You must be aware of avalanche dangers when snowmobiling in British Columbia’s mountains. According to the CAC, over 90% of avalanches are triggered by a snowmobile rider, someone in the snowmobile rider’s group, or someone who is not in the riding group. It is essential for all snowmobile riders to carry and know how to use rescue gear, which includes a transceiver, a probe, and a shovel. You can reduce the risk of avalanches and the likelihood you’ll have to use rescue gear by getting proper avalanche skills training, checking the avalanche forecast, and making a riding plan based on the current avalanche conditions.
Though avalanche areas may be posted, you still should be prepared. The CAC recommends that you:
- GET THE GEAR: Ensure everyone in your group has an avalanche transceiver, a probe, and a shovel on their person and knows how to use them. For more information about avalanche gear, go to the recommended gear information on the CAC website.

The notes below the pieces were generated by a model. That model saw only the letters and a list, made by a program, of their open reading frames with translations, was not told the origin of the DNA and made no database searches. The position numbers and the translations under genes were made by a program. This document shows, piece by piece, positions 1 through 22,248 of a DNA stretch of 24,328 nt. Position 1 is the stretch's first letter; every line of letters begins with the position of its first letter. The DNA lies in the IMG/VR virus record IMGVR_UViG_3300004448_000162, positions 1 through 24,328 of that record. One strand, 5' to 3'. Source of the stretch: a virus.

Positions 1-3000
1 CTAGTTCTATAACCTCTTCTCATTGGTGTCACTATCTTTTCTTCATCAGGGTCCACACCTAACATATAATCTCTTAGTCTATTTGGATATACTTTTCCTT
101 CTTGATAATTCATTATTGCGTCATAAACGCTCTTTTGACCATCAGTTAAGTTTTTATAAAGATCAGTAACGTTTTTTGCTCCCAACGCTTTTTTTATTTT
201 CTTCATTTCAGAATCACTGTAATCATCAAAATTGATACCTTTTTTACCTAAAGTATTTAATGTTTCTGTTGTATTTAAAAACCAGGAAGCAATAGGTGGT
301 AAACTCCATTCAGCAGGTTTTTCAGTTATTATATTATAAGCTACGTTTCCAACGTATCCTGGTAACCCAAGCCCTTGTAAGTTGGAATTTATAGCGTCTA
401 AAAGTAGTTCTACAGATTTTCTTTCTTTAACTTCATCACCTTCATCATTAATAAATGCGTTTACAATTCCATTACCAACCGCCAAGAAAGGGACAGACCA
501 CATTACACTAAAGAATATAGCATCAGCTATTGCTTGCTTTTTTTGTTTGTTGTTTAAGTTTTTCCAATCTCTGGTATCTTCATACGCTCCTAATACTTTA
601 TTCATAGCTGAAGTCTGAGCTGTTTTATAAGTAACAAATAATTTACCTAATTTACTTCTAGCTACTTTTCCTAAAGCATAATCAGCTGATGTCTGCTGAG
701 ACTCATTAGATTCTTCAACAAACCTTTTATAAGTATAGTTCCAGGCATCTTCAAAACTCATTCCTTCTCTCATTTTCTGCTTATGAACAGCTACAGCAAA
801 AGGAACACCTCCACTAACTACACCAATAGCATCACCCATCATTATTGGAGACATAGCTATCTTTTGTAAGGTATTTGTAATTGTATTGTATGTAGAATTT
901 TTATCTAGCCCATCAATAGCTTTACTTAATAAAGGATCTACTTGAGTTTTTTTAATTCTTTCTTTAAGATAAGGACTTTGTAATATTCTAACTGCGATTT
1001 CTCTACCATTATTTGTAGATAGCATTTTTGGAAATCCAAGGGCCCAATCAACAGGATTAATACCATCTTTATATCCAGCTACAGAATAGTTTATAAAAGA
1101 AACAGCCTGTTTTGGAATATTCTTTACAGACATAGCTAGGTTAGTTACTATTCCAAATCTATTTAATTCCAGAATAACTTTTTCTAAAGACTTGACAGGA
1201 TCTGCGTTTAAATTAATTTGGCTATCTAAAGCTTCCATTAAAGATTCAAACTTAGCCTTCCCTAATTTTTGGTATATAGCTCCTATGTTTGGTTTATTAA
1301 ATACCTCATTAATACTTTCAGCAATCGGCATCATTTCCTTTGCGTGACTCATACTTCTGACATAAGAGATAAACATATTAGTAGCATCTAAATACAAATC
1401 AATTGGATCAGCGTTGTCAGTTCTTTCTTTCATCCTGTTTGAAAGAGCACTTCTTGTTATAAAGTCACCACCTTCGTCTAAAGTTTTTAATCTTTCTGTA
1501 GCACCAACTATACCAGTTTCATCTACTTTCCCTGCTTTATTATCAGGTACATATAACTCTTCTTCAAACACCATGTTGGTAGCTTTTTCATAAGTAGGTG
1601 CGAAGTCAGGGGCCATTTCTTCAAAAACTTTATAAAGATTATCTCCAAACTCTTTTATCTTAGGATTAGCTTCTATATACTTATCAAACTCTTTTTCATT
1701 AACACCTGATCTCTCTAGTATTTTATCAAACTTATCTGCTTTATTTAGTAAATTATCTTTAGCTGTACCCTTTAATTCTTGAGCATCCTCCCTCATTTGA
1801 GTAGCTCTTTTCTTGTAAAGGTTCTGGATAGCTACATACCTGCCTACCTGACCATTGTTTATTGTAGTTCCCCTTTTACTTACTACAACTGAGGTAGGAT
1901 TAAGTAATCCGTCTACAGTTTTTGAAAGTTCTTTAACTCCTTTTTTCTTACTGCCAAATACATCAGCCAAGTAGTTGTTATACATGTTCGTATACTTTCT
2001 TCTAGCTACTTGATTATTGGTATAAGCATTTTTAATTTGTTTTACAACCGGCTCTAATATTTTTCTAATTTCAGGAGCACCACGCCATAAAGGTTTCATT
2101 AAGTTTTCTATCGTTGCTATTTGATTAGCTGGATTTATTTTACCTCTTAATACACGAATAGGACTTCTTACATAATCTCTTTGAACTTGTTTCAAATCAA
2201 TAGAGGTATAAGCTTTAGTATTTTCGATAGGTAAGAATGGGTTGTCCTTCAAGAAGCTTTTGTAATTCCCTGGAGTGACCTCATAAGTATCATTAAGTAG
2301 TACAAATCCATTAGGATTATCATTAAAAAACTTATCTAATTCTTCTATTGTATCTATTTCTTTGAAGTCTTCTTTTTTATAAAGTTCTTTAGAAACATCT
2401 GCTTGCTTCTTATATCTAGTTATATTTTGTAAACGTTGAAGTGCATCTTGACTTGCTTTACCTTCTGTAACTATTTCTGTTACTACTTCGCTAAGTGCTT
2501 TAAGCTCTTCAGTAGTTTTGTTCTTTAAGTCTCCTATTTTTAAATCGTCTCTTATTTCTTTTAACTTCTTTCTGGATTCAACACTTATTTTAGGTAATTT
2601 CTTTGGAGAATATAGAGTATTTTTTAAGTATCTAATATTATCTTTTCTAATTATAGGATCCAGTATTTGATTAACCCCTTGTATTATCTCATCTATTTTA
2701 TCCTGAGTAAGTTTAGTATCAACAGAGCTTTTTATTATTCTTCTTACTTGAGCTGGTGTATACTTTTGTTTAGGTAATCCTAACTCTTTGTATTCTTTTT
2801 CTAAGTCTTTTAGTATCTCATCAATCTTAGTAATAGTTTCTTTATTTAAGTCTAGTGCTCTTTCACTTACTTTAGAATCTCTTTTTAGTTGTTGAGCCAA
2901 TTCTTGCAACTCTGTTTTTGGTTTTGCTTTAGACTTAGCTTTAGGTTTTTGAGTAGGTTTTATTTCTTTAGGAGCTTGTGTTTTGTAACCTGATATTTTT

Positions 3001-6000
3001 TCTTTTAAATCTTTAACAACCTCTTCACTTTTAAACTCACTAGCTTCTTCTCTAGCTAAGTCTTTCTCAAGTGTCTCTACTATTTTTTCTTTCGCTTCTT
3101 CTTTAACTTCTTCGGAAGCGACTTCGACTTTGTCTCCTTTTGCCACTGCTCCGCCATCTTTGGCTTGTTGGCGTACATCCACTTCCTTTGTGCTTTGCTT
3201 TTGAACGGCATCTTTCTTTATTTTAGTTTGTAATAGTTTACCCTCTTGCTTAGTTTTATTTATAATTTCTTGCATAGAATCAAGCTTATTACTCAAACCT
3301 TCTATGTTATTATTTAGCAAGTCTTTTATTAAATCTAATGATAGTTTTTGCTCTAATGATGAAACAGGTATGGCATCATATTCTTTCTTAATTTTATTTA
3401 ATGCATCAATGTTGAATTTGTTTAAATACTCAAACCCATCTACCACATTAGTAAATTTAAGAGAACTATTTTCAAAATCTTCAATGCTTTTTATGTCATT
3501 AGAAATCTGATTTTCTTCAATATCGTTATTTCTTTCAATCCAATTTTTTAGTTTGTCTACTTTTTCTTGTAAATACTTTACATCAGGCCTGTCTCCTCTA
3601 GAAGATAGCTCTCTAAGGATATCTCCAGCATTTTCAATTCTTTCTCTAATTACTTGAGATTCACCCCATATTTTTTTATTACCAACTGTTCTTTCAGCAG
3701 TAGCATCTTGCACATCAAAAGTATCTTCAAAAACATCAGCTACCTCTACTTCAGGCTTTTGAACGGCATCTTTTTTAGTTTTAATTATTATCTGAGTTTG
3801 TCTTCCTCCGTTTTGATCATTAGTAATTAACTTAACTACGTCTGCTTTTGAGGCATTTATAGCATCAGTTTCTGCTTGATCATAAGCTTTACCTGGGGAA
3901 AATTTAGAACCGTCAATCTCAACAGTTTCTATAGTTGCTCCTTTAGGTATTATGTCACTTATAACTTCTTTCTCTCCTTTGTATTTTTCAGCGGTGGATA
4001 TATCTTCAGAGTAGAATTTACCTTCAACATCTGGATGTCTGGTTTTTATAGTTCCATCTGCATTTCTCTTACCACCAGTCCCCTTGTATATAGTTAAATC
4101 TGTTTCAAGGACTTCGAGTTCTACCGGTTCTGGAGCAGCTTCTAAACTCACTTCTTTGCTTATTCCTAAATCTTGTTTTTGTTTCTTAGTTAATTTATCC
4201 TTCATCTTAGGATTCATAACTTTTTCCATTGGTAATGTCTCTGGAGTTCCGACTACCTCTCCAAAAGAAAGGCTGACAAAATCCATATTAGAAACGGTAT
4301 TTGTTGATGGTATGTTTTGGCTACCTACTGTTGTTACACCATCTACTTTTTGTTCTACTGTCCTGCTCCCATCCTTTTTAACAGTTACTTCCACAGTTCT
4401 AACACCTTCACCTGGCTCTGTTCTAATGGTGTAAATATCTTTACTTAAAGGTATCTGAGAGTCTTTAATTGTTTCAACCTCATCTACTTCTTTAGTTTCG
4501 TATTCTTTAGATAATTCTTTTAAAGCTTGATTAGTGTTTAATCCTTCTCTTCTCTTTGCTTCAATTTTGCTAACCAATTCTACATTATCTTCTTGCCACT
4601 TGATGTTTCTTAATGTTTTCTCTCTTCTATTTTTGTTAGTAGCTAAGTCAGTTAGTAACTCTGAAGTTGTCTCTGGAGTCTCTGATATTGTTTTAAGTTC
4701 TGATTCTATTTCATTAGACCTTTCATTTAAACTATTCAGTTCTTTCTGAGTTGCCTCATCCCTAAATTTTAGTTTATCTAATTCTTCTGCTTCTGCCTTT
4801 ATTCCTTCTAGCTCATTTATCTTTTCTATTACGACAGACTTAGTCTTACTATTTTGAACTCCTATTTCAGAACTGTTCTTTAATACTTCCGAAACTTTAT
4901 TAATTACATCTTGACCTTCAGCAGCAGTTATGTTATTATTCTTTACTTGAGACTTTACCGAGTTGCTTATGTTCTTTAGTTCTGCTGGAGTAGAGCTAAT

- GET THE TRAINING: Take an Avalanche Skills Training (AST) course. For more information about avalanche courses, go to the training information on the CAC website.
- GET THE FORECAST: Make a riding plan based on the current avalanche and weather forecast. For more information about the avalanche forecast for your area, go to http://www.avalanche.ca/cac/bulletins/latest, or download the CAC mobile app for Apple Devices or Android Devices.
- GET THE PICTURE: If you see recent avalanche activity, unstable snow exists. Riding on or underneath steep slopes is dangerous.
- GET OUT OF HARM’S WAY: Don’t go to help your stuck friend. One at a time on all avalanche slopes. Don’t group up in runout zones.
5 Key Messages for Avalanche Safety Awareness and Training courtesy of the International Snowmobile Manufacturers Association (ISMA)
Download the CAC's quick reference guide for companion rescue.